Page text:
I also caught a cough, cold, and sore throat from my trials and tribulations at Rainbow Mountain, so I bought medication for all of those as well. During the Salkantay Trek, you will be going from freezing cold to uncomfortably humid, and will be sleeping outside for a few nights. A few people on my trek got sick, so it won’t hurt to plan ahead just in case.

 

What to Bring

If you book the trek with a guide or tour, you’ll definitely have a list of what to bring. Regardless, here’s my thoughts on what I should have done in hindsight. I overpacked in some aspects, and severely under-packed in some other aspects.

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Stock up on warm-weather alpaca stuff before you go. Cusco has some very cheap, warm clothing everywhere, but going to Mercado San Pedro is the cheapest I’ve found.

Clothing:

My biggest advice would be to pack as lightly as possible. Although it will get cold, you will also be constantly moving so packing too much cold-weather clothing can bog you down. I packed my stupidly bulky Patagonia sweater and I literally never wore it. A raincoat is a must, and bring something to cover your day pack in case it rains. There is nothing more miserable than being soggy throughout your trek. Make sure you have a good pair of hiking boots or shoes that you’ve broken in. Also, even if your boots are supposedly waterproof, don’t jump into a lake with them on. They won’t dry overnight, and there was nothing worse than taking on the grueling second day of the trek with frozen feet in my wet boots.

Food:

I brought a pack of weird Peruvian trail mix, and hardly ate any of it throughout the trek. You will be well-fed by the trek’s chefs, but everyone eats differently, so if you tend to snack a lot, bring a lot of snacks. I over-packed in terms of water also. Maybe you’re just too busy suffering miserably to eat and drink water, but for some reason, my stash of snacks and water were barely touched. Stay hydrated as much as you can. There’s also no need to bring enough water for all five days as you will be able to purchase water from the villages you stop at every night or throughout the day.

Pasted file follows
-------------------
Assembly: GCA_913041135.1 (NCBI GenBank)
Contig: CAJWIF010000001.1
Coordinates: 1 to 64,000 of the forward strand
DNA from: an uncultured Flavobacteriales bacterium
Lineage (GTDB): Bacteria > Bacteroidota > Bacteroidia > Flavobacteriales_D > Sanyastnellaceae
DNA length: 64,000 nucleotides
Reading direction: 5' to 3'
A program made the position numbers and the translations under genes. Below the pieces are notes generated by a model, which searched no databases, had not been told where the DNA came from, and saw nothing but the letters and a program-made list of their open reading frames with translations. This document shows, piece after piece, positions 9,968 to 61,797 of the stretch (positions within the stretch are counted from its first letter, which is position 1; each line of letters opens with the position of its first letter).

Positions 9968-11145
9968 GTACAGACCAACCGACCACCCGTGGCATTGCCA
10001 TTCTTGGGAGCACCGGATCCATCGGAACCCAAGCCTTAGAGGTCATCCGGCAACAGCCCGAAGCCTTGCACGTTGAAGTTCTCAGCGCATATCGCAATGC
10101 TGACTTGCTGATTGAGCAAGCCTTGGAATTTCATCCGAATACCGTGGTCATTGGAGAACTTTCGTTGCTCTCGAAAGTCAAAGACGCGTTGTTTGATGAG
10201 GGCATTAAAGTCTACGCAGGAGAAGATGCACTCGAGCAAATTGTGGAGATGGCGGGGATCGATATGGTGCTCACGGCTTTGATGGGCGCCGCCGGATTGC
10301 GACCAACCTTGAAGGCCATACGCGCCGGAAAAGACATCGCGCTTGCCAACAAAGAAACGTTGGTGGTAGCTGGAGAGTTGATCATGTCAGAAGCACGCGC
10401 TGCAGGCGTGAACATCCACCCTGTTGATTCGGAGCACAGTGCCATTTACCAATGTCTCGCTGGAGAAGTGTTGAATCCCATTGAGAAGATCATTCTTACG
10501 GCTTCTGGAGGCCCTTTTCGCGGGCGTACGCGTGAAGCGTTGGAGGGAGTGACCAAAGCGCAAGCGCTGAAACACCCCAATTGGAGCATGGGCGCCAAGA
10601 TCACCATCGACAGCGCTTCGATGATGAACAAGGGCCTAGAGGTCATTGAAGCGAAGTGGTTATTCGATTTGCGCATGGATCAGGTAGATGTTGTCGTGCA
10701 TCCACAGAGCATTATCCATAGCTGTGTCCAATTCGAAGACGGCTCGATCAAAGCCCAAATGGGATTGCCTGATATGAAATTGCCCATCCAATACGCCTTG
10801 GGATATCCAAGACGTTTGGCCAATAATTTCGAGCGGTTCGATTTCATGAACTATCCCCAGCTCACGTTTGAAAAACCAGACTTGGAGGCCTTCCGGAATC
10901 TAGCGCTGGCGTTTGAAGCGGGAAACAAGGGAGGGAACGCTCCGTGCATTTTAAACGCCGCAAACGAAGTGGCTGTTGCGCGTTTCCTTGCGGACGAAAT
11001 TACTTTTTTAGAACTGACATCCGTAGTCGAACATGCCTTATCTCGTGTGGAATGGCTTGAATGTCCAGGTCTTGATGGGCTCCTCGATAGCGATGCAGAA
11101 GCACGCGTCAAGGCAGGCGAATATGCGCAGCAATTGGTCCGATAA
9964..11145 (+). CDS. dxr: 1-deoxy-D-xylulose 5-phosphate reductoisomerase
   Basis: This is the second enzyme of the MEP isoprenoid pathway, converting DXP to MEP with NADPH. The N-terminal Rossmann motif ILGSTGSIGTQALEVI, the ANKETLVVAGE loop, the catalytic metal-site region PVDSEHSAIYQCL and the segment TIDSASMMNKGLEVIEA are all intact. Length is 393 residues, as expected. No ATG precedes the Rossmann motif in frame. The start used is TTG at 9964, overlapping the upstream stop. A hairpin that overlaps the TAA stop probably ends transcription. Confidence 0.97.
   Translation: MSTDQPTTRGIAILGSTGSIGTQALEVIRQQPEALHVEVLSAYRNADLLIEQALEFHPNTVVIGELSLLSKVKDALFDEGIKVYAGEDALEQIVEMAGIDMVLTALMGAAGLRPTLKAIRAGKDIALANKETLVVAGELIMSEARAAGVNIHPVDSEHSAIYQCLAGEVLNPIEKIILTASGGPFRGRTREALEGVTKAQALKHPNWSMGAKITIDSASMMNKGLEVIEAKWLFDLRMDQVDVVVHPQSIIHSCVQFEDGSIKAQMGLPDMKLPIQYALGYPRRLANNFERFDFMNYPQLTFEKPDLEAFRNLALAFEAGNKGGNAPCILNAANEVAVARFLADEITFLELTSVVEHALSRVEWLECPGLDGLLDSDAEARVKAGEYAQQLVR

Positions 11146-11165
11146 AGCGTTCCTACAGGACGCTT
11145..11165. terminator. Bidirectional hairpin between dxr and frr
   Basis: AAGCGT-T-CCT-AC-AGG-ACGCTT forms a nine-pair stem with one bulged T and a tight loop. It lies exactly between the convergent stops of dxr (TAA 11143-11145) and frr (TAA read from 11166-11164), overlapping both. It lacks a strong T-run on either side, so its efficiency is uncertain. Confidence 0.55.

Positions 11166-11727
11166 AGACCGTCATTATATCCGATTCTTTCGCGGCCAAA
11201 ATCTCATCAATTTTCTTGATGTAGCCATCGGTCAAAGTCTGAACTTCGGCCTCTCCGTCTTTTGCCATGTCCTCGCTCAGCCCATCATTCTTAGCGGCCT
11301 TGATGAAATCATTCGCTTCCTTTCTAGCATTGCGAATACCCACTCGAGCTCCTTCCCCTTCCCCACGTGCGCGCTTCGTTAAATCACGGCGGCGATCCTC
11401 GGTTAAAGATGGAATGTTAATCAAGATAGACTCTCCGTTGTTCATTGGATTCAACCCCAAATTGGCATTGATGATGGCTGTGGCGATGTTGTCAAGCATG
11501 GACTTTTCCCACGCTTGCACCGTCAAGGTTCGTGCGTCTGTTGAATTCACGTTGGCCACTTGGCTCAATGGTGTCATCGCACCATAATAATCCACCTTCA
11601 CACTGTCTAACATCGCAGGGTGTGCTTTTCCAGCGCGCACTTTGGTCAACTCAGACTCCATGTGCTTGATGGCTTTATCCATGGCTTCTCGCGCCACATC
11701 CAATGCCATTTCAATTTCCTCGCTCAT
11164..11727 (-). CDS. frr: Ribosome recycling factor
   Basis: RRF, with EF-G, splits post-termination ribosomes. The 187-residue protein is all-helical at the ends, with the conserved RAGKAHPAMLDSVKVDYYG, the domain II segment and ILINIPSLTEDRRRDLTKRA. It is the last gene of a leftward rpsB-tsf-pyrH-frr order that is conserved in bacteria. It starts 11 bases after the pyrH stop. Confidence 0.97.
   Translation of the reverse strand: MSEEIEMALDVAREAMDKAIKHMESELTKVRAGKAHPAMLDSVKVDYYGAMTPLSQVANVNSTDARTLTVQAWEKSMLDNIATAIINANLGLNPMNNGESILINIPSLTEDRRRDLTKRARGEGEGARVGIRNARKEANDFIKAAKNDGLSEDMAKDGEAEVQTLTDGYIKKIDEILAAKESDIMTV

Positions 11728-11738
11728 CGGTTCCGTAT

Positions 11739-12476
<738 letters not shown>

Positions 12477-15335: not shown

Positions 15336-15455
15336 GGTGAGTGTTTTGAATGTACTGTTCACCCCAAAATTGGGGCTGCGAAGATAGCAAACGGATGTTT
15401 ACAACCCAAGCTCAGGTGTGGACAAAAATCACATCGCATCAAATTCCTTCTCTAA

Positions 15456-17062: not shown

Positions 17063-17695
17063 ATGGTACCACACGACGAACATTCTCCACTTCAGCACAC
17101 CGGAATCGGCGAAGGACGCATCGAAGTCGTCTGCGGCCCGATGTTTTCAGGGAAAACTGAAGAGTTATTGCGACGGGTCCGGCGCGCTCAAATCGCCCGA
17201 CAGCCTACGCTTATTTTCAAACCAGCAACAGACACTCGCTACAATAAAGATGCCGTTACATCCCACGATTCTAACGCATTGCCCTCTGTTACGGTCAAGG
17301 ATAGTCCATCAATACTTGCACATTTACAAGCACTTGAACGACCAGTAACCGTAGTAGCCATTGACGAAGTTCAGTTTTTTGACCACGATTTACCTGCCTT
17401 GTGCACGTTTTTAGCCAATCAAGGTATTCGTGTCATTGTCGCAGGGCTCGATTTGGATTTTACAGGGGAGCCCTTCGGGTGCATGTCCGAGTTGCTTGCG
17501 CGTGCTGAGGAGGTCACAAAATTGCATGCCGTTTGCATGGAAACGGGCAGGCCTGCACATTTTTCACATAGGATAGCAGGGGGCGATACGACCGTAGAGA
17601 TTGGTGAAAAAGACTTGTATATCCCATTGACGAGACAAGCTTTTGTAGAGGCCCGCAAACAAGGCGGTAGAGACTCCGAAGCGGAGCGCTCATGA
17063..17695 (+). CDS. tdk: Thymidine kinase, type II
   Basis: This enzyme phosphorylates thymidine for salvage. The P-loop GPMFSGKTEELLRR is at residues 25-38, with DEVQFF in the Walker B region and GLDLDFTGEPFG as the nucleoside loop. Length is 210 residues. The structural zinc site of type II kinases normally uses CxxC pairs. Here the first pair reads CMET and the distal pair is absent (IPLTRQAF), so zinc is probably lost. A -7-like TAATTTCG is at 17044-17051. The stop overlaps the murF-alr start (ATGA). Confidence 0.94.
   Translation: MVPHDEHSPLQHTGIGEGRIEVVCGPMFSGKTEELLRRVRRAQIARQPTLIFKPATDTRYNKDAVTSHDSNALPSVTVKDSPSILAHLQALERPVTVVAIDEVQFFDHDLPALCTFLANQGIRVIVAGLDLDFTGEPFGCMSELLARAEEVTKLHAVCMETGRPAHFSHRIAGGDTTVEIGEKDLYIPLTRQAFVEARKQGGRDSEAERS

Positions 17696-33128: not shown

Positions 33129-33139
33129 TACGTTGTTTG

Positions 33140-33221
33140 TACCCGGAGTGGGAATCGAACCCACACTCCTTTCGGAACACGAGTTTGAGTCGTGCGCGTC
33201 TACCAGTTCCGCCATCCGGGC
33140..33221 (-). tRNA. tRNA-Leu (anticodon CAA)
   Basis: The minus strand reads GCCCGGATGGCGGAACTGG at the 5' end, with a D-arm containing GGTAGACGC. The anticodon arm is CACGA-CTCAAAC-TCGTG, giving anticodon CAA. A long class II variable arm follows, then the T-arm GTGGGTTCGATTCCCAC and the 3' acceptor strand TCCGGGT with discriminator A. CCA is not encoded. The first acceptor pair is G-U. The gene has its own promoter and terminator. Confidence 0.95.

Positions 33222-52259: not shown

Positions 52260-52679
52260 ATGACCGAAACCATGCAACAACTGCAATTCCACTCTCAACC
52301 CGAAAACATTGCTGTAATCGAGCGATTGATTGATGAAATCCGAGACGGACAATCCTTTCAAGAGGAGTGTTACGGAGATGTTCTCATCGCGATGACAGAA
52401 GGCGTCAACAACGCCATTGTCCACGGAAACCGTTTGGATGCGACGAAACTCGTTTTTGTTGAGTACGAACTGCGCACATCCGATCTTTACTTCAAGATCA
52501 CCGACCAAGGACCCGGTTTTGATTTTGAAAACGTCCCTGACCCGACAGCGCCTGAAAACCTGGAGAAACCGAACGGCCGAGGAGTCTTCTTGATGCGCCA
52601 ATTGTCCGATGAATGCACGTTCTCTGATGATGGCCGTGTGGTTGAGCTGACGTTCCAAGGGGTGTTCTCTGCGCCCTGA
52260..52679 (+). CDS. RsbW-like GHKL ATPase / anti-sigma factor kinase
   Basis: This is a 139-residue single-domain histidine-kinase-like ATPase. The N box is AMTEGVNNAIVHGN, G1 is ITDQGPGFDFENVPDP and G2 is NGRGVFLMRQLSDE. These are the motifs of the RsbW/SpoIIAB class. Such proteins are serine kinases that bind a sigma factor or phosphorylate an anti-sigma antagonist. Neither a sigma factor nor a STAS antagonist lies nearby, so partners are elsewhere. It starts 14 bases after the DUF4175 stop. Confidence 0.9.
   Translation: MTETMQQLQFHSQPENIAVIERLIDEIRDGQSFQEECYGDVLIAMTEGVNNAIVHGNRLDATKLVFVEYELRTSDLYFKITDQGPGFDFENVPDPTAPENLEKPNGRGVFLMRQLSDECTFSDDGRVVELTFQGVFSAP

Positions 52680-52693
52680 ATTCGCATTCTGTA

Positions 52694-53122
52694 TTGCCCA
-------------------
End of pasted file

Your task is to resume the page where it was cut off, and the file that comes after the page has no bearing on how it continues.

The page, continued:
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Snack time before the final painful ascent

Miscellaneous:

Dude, bug spray. Bring a lot of it. Sunscreen is also important for you gringos that get sunburns through your clothing on rainy days. Walking poles also make you feel significantly more official, and help exponentially. Don’t be ashamed to use them. Also, bring your passport because you need it to get into Machu Picchu. It would suck to go through that trek and not even get to see the final destination.

A positive attitude!!!

One of the most underrated things is being energetic and optimistic. The day before the trek was the least confident I’d ever been about doing the trek, especially battling altitude sickness and general sickness. That severe lack of confidence was a terrible attitude to have, and thankfully I get over funky moods pretty quickly. I was significantly more mentally prepared the next day, and had a pep in my step after I found myself doing fine with the altitude. Who knows if the mental preparation and positive attitude actually helped, but even if it was some weird placebo effect, I feel like it definitely helped me with the trek, just like the legendary, non-scientifically proven, effects of chewing coca leaves to deal with altitude.

 

The Actual Trek

It is good to be prepared, but the Salkantay Trek itself is something that you should go into with almost no idea what you are going to see, so yeah, I’m not going to tell you anything about the actual trek. It’s like finding out Darth Vader was Luke’s father before you got to see it yourself. Prepare your sense of wonder for some of the most incredible five days of your life. I know I posted some pictures, but just know that they do nearly no justice to what you are actually going to see. The experience is indescribable.

 

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THE PROMISED LAND!!!

 

SPOILER ALERT!!!

(but honestly, if you’re curious, click here to watch the Youtube video I made of the Salkantay Trek. It’s pretty epic and I just want people to see it. Like and subscribe!